Newall, Michael (2015) Is Seeing-in a Transparency Effect? British Journal of Aesthetics, 55 (2). pp. 131-156. ISSN 0007-0904. (doi:https://doi.org/10.1093/aesthj/ayu101) (Access to this publication is currently restricted. You may be able to access a copy if URLs are provided)
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Philosophers of art use the term ‘seeing-in’ to describe an important part of our experience of pictures: we often ‘see’ a picture’s subject matter ‘in’ its surface. This paper proposes that seeing-in is illuminated by a perceptual phenomenon that has received extensive attention in perceptual psychology: the perception of transparency. It is generally accepted that transparency perception is governed by laws of ‘scission’. I argue that some instances of seeing-in can be straightforwardly understood as a kind of transparency effect, and that all seeing-in is illuminated by these laws.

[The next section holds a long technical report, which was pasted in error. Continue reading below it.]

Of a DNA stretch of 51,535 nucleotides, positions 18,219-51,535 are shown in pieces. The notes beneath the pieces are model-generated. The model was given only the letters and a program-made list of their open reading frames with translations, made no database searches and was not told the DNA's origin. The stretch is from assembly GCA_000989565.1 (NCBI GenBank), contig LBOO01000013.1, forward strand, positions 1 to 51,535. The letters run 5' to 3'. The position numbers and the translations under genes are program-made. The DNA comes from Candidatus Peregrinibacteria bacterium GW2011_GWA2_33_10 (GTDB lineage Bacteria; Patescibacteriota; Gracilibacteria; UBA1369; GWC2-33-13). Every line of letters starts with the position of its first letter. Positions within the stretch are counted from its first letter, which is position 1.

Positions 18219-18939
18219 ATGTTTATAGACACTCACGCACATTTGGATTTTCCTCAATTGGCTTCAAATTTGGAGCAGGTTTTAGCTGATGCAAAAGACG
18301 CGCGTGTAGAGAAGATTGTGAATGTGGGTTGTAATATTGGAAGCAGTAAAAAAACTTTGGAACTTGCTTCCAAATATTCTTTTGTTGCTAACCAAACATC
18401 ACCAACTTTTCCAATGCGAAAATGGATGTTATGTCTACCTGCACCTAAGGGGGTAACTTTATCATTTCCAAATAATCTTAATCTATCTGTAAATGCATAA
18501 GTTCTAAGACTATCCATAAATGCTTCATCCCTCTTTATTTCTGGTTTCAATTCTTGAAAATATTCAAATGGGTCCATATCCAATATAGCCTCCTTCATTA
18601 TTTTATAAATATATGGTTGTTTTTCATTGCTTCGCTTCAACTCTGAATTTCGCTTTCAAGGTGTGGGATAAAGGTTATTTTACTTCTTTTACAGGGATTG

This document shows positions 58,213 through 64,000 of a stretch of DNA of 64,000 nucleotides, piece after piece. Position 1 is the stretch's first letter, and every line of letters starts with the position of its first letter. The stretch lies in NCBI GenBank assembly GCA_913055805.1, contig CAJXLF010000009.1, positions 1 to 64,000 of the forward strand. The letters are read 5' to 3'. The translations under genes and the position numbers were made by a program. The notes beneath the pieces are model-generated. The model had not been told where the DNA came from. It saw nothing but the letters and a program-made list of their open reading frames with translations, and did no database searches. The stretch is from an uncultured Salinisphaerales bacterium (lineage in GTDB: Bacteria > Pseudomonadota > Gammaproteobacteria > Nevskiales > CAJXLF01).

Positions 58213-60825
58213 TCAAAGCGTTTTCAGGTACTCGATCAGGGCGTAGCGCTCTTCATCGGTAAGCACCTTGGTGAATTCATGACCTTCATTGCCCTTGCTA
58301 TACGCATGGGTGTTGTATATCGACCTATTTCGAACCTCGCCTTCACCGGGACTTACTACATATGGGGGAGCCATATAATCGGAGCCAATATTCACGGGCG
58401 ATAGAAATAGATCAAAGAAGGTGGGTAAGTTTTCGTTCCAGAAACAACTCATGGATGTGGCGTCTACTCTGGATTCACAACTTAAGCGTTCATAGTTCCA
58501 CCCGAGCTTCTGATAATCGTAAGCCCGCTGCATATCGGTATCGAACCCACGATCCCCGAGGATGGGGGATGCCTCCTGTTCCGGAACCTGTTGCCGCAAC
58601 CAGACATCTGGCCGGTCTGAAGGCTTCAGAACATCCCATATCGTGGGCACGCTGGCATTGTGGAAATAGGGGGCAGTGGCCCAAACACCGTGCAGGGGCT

B Philosophy. Psychology. Religion
B Philosophy. Psychology. Religion > BH Aesthetics
Faculties > Humanities > School of Arts
Faculties > Humanities > School of Arts > History and Philosophy of Art
|Depositing User:||Michael Newall|
|Date Deposited:||04 Mar 2017 18:11 UTC|
|Last Modified:||06 Mar 2017 15:34 UTC|
|Resource URI:||https://kar.kent.ac.uk/id/eprint/60714 (The current URI for this page, for reference purposes)|